I went to check my table assignment. Table 45, Seat 2. Then I looked at the names of the other players at my table. Hmmm. Barbara Enright in Seat 3. One of the best female poker players in the world, and the only woman to make the final table of the main event, in 1995. Oh well, I couldn’t expect to make it this far without having a big pro at my table. Then I continued scanning the names. A few I didn’t recognize. Then, with “Table 45, Seat 4” clearly printed beside it, a name every serious poker player knows. Howard Lederer. I told my parents, who, not being serious poker players, were nonplussed.
I told Kevin, and it dawned on him first: “Wow. You’re probably on the TV table.” ESPN, as always, was covering the WSOP, and each day one of the tables was selected as the “featured table,” which meant that all the action at that table was recorded, edited, and later aired on TV. Hmmm. Kevin was right. Lederer was the biggest name left in the tourney besides Greg Raymer (the 2004 champ), and Lederer finished day two on a rush. He had not yet taken a turn at the featured table. It was very likely that ESPN had selected table 45.
I trotted into the poker room to see. I found table 45, and sure enough, it was the only table in the room without nine giant ziploc bags full of chips sitting on it. In their stead was a white piece of paper affixed to the center of the table, bearing a message handwritten in black magic marker: “Please report to the TV table.” Showtime. I was due for another ten minutes of fame.
I told my parents the news and made my way over to the back-right corner of the massive room, where ESPN had set up shop. Behind a few velvet rope stantions stood their makeshift studio. Two black walls with little white dots of light, designed to look like the sky at night. Four or five cameras pointed toward the brightly lit center of the area, which was surrounded on two sides by metal bleachers. All the cameras were facing an uninhabited card table, above which was a giant TV monitor with a birds-eye image of the table on it. A bunch of people wearing headsets were milling about.
As my parents found bleacher seats, a female ESPN rep approached me and confirmed that I was David Zeitlin of Seat 2. “Fill these out and then we’ll get you miked up,” she said, handing me a three page document. I sat in the bleachers and dutifully filled in the blanks. First a two page waiver to sign. I gave ESPN the right to do whatever it wanted with my footage and promised I’d show my hole cards. Next, a page with a bunch of questions about me:
Name: David Zeitlin
Nickname: Sugar D on Pokerstars (um, I hope they don’t say this on the air)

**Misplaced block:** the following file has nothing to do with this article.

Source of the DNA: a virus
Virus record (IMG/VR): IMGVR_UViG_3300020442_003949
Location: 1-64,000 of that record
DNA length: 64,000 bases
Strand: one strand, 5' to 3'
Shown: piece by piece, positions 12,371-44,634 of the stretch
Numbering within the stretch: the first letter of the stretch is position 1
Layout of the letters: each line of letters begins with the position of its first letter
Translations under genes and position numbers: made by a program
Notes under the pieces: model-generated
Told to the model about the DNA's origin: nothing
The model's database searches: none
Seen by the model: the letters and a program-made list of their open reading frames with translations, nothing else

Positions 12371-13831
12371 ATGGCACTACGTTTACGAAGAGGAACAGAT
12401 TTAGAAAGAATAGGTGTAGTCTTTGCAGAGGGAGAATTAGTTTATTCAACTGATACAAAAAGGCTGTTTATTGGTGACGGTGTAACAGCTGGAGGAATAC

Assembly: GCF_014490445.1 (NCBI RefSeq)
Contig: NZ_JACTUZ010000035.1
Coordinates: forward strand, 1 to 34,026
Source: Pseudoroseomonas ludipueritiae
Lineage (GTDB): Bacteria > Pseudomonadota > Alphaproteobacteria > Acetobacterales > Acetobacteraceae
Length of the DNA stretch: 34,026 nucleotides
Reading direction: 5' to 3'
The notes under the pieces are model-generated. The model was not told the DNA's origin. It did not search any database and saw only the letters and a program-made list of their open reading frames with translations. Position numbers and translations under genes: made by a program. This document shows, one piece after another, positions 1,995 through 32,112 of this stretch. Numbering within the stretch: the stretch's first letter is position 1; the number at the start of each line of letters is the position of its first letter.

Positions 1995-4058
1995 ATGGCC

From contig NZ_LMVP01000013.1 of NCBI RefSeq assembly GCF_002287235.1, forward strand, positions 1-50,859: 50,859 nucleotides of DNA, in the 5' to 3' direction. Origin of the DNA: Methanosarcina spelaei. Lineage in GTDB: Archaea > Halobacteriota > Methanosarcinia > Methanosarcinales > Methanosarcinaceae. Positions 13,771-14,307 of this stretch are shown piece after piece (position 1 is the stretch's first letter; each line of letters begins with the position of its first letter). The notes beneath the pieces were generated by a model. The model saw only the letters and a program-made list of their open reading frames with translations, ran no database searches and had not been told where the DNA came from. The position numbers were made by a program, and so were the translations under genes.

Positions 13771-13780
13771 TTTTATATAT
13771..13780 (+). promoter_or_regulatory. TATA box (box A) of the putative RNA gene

Hometown: New York, NY (looks cooler than ‘Manhattan’)
How Qualified: Pokerstars double shootout
Number of Previous WSOP Main Events: 0
Occupation: Criminal Defense Attorney
Greatest Poker Achievement: (blank)
Largest Single Tournament Win: $4500
How long have you been playing poker: 22 years
Who taught you how to play: My grandfather (he’d get props if I got interviewed later)
What poker player do you admire most: (blank)
Other hobbies: fantasy football (wow, I’m lame.)
As I completed the form and stood up to deliver it, I was approached by a bubbly woman who introduced herself as Laura, the Pokerstars rep. Laura’s job was to make sure the word “Pokerstars” appeared on television the maximum number of times possible. “Hi, I see you’ve got a Pokerstars hat on there,” she said. As required, I was in fact wearing my black Pokerstars hat, backwards. “Would you mind turning it around?” “No,” I lied, taking it off and putting in on the other way. “And how would you feel about taking off the sweatshirt and wearing one of our t-shirts?” Here I drew the line. “This sweatshirt has a lot of sentimental significance. I’m afraid that’s non-negotiable.” Little did she know that the hat would be flipped backwards as soon as the cards were dealt. You don’t mess with my gear. She smiled and said “Okay then. Could you tell me a bit about yourself? What tournament did you win to qualify?” I knew that my answers would not be used unless I ended up at the final table, but I told her my unexciting story, explained that I was at my first WSOP, etc. She wished me luck and I went to take my seat.
I moved toward Seat 2 and was now greeted by an ESPN staffer, who removed my cap and put a piece of electrical tape over the “.com” in “Pokerstars.com.” Apparently there is some sort of prohibition on advertising a gambling website on the WSOP telecast or something. I put the cap back on. Next, he affixed a tiny wire to the inside of my collar. I correctly deduced that this was a microphone. The wire was attached to a blackboard eraser-sized black box, which the staffer clipped to the back of my shorts. Then the staffer sat me down in my seat and taught me something of utmost importance: how to view my hole cards so that the lipstick camera installed in the rail could record them. There was a small black dot right in front of each player’s seat. The ESPN guy showed me my black dot and explained that I was to lift my hold cards a few inches in front of that dot. I was given two cards to practice with and passed the audition with flying colors. It wasn’t very difficult. The one awkward part was making sure that your chips didn’t block the camera. Rather than sitting with your chips directly in front of you, at the TV table, the players must stack their chips off to the side.